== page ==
The problem seems simple enough. They want to be able to get Working Cocker Milo’s focus and attention on them when the are out.

When the eight-month-old has his head under a hedge or down a hole, when he’s playing excitedly with other dogs, he goes deaf.

Attention has to be earned

They want Milo’s prompt attention and to focus on them when they call him.

Anyone with a Working Cocker will know that, without training and repetition, he will freelance with his own breed-specific behaviours.

My own Cocker, Pickle, does what I call ‘Pickling’. He runs about sniffing with tail wagging, intent on a scent. He is bred to be focussed on the job, and sniffing is the job he’s bred for – whether picking up the scent of a fallen bird or drugs.

The result of a combination of things

It’s interesting how so many cases start off sounding like a simple problem. Once I start questioning it opens up other things that seem insignificant in themselves, but that contribute to the overall problem.

With Milo I quickly found out that when they call him in from the garden, if he’s ‘busy’ he will come when he is ready.

I also found out that there was nothing ‘in it for him’ to come when called. They had stopped using rewards of any kind a while ago.

It was the same with other things they might want him to do. By nature he is calm and easy going and probably this is why Milo’s giving them his attention in his own good time rather than straight away hasn’t impacted on them.

The other thing is that they leave his food down – so food rewards will have less value anyway.

Undoing old habits and building new habits

Now they will call him many times – either when he’s coming anyway or when he’s not got his attention on something else.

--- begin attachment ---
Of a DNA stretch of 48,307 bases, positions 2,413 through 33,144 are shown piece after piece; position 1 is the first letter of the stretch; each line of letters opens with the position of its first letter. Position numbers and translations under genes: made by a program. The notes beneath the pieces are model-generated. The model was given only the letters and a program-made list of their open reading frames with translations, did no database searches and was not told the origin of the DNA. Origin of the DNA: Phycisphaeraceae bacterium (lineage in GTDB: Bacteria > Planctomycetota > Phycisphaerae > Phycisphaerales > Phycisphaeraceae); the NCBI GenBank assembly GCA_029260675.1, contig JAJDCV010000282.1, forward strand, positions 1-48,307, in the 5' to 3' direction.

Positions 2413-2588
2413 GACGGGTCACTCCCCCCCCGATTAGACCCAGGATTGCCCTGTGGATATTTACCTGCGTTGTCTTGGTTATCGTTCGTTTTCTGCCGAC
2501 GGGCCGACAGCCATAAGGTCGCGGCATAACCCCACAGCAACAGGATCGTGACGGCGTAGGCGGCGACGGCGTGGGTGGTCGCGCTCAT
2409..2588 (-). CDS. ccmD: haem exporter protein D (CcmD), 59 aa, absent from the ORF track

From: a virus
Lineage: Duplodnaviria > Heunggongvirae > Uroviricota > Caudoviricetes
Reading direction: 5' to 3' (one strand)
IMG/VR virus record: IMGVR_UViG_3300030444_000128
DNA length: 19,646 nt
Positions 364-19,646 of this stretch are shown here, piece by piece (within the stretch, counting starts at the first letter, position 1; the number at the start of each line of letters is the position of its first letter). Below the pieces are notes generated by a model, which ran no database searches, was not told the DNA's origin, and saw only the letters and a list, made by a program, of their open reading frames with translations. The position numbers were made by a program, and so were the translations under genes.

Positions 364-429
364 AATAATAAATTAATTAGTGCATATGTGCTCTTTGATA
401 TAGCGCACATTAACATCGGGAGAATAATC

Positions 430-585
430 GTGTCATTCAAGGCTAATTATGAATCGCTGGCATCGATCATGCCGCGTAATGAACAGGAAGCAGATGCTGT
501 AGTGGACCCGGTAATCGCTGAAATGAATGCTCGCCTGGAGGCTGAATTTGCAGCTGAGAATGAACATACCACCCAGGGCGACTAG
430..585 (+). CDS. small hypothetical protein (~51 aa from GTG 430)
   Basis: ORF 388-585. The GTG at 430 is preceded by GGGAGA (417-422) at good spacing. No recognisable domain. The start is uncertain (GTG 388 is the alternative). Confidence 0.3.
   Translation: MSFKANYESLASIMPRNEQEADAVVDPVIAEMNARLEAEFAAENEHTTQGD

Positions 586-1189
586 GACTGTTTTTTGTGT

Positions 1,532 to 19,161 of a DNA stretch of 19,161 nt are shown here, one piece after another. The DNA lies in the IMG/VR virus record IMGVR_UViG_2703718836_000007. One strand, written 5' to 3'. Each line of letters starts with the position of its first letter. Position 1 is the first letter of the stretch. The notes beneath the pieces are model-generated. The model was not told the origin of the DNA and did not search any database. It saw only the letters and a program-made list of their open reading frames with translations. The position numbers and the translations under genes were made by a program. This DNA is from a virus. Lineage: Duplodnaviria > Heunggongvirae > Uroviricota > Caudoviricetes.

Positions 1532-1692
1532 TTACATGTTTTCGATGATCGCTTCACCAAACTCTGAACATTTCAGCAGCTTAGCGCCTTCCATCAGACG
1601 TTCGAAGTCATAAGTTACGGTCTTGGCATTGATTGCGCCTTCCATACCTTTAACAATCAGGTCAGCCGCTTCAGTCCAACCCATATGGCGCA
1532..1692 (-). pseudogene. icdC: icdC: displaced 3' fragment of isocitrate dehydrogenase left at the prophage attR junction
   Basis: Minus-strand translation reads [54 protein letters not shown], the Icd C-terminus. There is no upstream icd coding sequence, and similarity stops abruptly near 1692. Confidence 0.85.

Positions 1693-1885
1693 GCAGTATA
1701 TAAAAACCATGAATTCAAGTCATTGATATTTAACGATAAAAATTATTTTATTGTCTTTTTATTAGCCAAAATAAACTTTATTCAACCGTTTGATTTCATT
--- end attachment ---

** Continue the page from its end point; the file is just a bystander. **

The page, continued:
In the house.

In the garden.

Multiple repetitions.

They will make it worth his while. This could be with food or it could be fun.

I suggested they build up an instant response to a whistle, always pairing it with something specially rewarding. A whistle hasn’t been associated with ‘I will come when I’m ready’!

Practice makes perfect.

Constant rehearsal is the answer whilst never calling or whistling when he’s not going to come. It’s a waste of time and simply teaches him ‘come’ is optional.

For now on walks they will use a long line. They can drop it for him to play with other dogs.

How will they make it worthwhile for him to give them his attention?

What is the competition?

If it’s a vole under a hedge or a rabbit down a hole, then because of his single-minded nature he may well not hear anyway. Eventually when that whistle has been prepared properly, he will know that something very good will happen and it will get through to him.

With Pickle I would probably have a toy soft animal and immediately he looks at me and gives me some attention, I would squeak it and throw it! I would initiate an exciting game, pop the long line and continue playing.

Calling and immediately putting the lead on and stopping play would be a deterrent to coming.

If Milo’s playing with other dogs, again it depends upon how well the whistle has been prepared whether they are ready to use it. Stand on the long line, whistle and then, lifting the line, maybe go for a run with him. (Unless he’s a dog that would die for food, which Milo isn’t, the reward should be relevant. Think up something!).

The reward should be relevant

So, no more rehearsing ‘wait till I’m ready’ and lots of rehearsal of ‘I’m coming! What have you got for me now?’.

Finally, use variety. Different foods, toys and games. Keep him guessing. You can never compete with nature for variety, but you can do your best.

It goes without saying that as the walk should be Milo’s walk, his needs for sniffing should be fully indulged. When lockdown is over, scent work classes would suit him perfectly.

Feedback two weeks later: “..the past couple of weeks have been completely different, he has come in every time we have asked – since we spoke 🙂 we always have a little something in hand ready too. We have introduced his food through the kong, which he absolutely loves too. He has got so much better at listening to the point that he is off the lead, we have made so much progress in two weeks it’s been amazing.

NB. For the sake of the story and for confidentiality also, this isn’t a complete ‘report’ and is always written with permission of the client. If you listen to ‘other people’ or find instructions on the internet or TV that are not tailored to your own dog it can do more harm than good. Click here for help